The birdwatcher has to be particularly careful about disturbance to rare birds listed on the First Schedule to the Acts. A section in the 1967 Act made the wilful disturbance of wildbirds listed in this Schedule while they are near an occupied nest an offence liable to a special penalty. This has led to some rather peculiar situations in places like Shetland where birds such as Whimbrels, which are in the First Schedule, are very common and where it is virtually impossible to walk over certain moors without wilfully disturbing them. Theoretically, while the botanist or the shepherd may walk across these moors because they do not recognize the alarm calls of the Whimbrel, the conscientious birdwatcher hearing the calls should leave the area as soon as possible. However, the principle behind this particular law is important and is to some extent covered by the Birdwatcher’s Code. If you should wish to disturb one of these First Schedule birds for scientific purposes, or to photograph or ring them, you should obtain the approval of the Nature Conservancy Council. In the case of ringing or nest recording permission can be obtained through the BTO.
The importation of various species of birds is forbidden under the Protection of Birds Act. More recently Parliament has enacted the Endangered Species (Import and Export) Act 1976 which has the effect of implementing some form of control over the import and export of some of the rarest animals, and plants of Britain and the world. For instance, the falcons, such as the Peregrine Falcon, are listed in the First Schedule, which means that anyone wishing to import one must not only obtain a licence from the country into which he wishes to import the bird but also an export licence from the country of origin. This procedure gives the Scientific Authority of both countries a chance to assess the status of the bird and whether its export or import will be harmful to its native population.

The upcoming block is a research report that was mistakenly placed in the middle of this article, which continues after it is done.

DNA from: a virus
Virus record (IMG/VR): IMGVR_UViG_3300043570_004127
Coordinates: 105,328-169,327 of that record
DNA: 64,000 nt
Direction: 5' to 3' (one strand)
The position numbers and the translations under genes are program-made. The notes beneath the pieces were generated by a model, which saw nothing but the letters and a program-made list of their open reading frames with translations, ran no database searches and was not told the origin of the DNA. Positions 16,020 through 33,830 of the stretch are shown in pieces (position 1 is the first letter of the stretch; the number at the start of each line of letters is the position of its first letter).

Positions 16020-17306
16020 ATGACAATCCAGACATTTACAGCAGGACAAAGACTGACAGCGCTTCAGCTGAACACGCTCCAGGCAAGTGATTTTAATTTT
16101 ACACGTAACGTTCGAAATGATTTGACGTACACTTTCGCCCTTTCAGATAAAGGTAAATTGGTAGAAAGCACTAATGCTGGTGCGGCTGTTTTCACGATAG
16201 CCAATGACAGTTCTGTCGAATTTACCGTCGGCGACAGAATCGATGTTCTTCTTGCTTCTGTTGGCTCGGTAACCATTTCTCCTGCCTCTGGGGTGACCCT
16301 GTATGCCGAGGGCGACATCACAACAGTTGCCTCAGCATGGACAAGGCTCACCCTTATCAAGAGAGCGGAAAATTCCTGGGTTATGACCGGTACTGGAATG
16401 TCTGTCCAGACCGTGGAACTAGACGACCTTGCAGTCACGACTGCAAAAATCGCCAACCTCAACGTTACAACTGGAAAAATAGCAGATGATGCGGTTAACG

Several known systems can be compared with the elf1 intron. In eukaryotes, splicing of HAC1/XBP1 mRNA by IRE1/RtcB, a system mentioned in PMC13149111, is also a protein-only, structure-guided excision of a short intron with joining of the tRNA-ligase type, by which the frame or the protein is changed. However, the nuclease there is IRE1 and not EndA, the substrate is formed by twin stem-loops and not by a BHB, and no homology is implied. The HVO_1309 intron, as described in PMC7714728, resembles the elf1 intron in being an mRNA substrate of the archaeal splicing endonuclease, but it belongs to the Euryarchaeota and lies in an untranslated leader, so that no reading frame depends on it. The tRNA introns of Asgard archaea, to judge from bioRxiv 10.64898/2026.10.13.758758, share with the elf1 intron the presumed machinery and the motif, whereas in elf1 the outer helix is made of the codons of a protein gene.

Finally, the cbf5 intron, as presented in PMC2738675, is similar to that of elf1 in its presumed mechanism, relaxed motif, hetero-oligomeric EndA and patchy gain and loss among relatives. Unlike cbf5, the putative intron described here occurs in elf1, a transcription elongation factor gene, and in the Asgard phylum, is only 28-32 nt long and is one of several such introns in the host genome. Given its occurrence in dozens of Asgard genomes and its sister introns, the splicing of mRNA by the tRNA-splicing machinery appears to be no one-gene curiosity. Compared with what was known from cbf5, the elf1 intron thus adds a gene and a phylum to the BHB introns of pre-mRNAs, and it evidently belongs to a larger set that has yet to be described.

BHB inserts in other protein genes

The RSPB’s Birdwatcher’s Code begins with the words: ‘The welfare of the birds and its nest should be your first consideration’, and this thought should be with you all the time. The BTO produces at least two codes of conduct, one for ringing and one for those who take part in its nest record scheme. The RSPB and the Zoological Photographic Society has published a code of conduct for bird photographers. Each code emphasizes that ‘the bird’s interest must come first’ and then deals with the more practical damage that carelessness on the part of people ringing, nest recording or photographing can do.
A bird’s nest is one of the most sensitive places in its life and it is the centre of attraction for many birdwatchers. Some may wish to find nests because they enjoy the search. Others will be recording data for the nest record scheme of the BTO. Bird ringers want to find nests because they wish to ring young so that they may later be able to age the birds more exactly and so follow its life through. Some may be carrying out life-history studies and the nest is where life begins. There are other people who still collect birds’ eggs even though it has long been forbidden by law. Only rarely are they collected for any good scientific reasons. Constant examination of the nest can also put it at risk either by causing the bird to desert or by destroying the natural cover or even by making a track to the nest, which predators can easily follow.
The point about codes and laws is that they spell out certain rules for those who have no real feeling for the countryside nor for the creatures that live in it. To the real naturalist who has a feeling or a love for the countryside the ethic comes naturally.